“Teachers found it challenging, since they were still engaged in full-time employment; however, the majority of them persevered to the end,” Adams said in the press statement.

“The division is proud of the performance of students in the programme amidst the difficulties they experienced from time to time,” she said, as she lauded the performance of Dennie and James and the other honours students.

Adams told SEARCHLIGHT last week about the challenges she sees among teachers’ college students as it relates to passing math and English and some of the steps the institution is taking to help.

She said that “more than 70 per cent” of the teachers who enrolled for the associate degree for primary school teachers pass at the end of the two years, while the other 30 per cent complete the programme over time.

“… you have to pass everything to pass …” she said of the 66-credit programme, for teachers who already have an associate degree in education.


“We have a problem here with a subject called English for communication.

“… that is our main challenge. Although the student will come in with a pass in English language, they still have a problem with English for communication when they get into the college.

“It is the whole language — perhaps people are not reading enough and they don’t practise whatever is needed …”

She said the first module of English for communication includes comprehension and summary writing and the second module focuses on essay writing.

“Sometimes, you may have a person with literatures in English still fail that English for communication course on the first sitting.”

But the problem is not confined to St Vincent and the Grenadines.

“When I go to meetings for heads of teachers’ colleges across the region, people would be having problems with that course,” Adams told SEARCHLIGHT.

She further said colleges do “what colleges can do” to try to respond to the problem.

And, in response to the challenges the college’s students are having with math, Adams said that the institution has begun to offer students additional not-for-credit hours of math “to help to bolster their content knowledge.”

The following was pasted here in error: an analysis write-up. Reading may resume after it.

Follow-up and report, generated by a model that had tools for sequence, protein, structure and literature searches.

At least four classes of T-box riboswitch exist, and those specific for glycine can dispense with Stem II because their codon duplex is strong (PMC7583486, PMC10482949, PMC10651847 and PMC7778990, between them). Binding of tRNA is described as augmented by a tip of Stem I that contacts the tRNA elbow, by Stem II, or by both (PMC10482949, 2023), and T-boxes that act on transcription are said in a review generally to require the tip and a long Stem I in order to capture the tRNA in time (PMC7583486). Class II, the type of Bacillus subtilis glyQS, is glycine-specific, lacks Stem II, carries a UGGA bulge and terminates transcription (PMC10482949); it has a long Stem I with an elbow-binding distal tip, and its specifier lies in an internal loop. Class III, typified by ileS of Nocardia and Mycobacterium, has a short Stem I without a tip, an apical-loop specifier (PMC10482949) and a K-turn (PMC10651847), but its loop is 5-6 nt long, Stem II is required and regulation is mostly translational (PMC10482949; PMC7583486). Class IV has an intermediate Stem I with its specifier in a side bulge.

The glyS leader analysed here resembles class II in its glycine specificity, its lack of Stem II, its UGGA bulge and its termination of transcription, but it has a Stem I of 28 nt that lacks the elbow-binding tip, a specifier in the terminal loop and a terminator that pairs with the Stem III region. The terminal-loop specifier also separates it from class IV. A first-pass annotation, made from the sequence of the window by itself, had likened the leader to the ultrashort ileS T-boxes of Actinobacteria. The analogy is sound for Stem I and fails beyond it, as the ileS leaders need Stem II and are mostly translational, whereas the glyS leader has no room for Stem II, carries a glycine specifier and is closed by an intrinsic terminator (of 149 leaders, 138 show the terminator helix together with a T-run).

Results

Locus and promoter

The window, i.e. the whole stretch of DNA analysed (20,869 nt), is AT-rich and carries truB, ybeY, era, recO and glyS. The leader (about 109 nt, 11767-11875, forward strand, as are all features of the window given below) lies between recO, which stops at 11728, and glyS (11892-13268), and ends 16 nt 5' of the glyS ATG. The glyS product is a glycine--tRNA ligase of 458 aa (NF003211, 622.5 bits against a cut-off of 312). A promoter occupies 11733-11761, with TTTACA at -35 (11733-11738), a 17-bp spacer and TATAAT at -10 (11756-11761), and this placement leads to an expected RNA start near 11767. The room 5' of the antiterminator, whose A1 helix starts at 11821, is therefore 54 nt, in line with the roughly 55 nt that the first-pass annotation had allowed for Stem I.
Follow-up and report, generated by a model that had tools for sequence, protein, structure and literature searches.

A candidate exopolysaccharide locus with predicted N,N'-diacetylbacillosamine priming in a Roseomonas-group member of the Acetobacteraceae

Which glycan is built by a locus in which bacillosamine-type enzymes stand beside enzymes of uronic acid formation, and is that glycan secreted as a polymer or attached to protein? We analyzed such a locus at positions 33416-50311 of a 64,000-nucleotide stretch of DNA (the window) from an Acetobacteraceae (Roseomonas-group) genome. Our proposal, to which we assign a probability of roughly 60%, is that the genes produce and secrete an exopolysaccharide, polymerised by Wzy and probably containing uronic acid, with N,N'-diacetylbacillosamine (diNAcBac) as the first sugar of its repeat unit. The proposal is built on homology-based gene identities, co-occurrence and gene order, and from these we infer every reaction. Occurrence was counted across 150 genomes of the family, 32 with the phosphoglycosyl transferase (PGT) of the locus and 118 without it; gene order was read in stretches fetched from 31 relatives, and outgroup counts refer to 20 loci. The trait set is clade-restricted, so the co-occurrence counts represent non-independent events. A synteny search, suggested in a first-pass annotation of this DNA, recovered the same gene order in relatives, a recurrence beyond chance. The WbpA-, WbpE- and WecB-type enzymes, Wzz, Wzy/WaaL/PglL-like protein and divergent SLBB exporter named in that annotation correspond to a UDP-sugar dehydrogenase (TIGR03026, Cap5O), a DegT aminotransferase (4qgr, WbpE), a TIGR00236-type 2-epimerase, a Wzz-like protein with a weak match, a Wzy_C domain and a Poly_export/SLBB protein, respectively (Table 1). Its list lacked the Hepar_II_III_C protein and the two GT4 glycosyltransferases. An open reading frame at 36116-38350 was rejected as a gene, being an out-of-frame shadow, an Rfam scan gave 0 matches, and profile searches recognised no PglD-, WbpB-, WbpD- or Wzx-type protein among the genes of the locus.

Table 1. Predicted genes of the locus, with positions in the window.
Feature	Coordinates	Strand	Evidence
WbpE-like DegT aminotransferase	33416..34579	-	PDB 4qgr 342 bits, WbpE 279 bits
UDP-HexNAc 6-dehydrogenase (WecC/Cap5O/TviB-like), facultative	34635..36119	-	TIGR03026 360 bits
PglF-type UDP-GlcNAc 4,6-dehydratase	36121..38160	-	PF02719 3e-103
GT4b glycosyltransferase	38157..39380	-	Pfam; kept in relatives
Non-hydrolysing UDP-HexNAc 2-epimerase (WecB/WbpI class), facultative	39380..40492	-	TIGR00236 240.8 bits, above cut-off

Asked how does the nation improve its performance in English and math, Adams said more focus will have to be placed on the primary school system, “or probably as early as early childhood.

“… because you have to improve the foundation in order to get good results at the top,” she noted.

She also said that while some Teachers’ College enrollees have CSEC passes in math, it is probably just a Grade 3 — the lowest passing grade.

“… and they get into college and then there is this fear for maths. It is like they hear maths and they pull back … So perhaps we have to develop a liking for maths at the primary school level.”

But how do the nation’s teachers effectively teach a subject if they have a fear of it?

“That’s why I say it is a cycle,” Adams said.

“Because how they were taught in the school, they come in here. Sometimes people think the students are coming out of Teachers’ College and they can’t handle maths properly or English and so on. But, it is what we get.”

The extra not-for-credit hours offered last semester, she said, was in an effort to break that cycle.


But the graduate teacher, who passed the math programme, said it seems that current primary and secondary school students seem not to be able to “function in the abstract mode of thinking”.

The teacher further said some students are not very studious.

“They like to be spoon-fed and I believe that with mathematics, you have to be involved in a lot of drill and practice.

“They must be intrinsically motivated and I believe you have to be capable of handling abstract thinking,” the graduate said.

He further observed that many students “cannot connect the mathematics in school with what they think life outside of school would be.

“They are not interested in mathematics,” the graduate teacher said. (